Since the first successful organ transplant in 1954, the transplantation of organs and tissues has enabled thousands of individuals increased longevity by replacing diseased or damaged organs and tissues. The great need for organ transplants (with demand far exceeding available organs for the over 100,000 on the U.S. national transplant waiting list) has introduced issues surrounding the allocation of organs, and the meeting of this great need through issues of consent, dead donor determination, for-profit models of organ transplantation, organ trafficking & medical tourism, synthetic & artificial organs, xenotransplantation, the possibility of bioengineered and/or 3D printed organs, and even the potential for fetal organ farming.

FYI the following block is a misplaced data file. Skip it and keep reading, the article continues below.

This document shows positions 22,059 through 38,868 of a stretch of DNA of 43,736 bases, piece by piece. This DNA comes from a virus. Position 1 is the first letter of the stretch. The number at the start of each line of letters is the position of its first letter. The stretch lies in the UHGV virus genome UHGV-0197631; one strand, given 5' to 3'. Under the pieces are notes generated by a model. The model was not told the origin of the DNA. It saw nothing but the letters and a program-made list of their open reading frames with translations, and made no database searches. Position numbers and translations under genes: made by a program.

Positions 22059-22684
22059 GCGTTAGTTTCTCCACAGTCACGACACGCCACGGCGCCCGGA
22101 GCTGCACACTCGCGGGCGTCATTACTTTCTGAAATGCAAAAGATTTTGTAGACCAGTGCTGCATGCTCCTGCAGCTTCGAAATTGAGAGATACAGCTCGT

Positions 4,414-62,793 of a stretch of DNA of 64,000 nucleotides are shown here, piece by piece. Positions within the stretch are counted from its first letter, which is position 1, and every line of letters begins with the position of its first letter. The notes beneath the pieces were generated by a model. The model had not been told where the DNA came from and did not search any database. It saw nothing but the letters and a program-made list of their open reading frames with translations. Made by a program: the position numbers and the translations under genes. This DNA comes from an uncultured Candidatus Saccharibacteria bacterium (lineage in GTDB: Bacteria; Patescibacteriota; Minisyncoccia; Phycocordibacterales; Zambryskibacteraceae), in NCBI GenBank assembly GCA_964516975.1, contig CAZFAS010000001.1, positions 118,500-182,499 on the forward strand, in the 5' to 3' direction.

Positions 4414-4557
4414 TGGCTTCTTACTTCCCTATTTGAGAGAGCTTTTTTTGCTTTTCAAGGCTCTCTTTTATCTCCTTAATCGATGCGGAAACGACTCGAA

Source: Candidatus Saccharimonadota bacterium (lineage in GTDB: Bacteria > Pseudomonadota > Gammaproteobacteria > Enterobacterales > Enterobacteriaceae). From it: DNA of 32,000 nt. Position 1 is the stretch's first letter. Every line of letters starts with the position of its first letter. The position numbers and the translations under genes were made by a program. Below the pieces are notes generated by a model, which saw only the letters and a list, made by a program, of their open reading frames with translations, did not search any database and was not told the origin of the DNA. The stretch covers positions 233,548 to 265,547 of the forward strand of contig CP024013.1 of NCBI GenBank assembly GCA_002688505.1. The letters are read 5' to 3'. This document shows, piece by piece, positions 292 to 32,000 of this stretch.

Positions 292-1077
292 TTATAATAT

It was a sunny Californian day when I got the call, while walking on the bustling campus of Biola University. I was closing out my junior year and felt like I knew everything and had forever to know more. All it took was one phone call to destroy that false reality forever. I had been having minor health issues that took me consistently back to the campus health center. And what had they found? I was in Stage 3 (out of 5) kidney failure.
Pastoral and congregational care for my family and me was critical to help us through this time of uncertainty. We needed someone to come alongside us and regularly offer help and encouragement. My wife was affected even more than I was. Because I could not obtain more life insurance, she faced the prospect of raising children on her own with no financial safety net. The compassion and financial assistance from our church and its members significantly helped to ease our minds as we entered this new phase of our lives.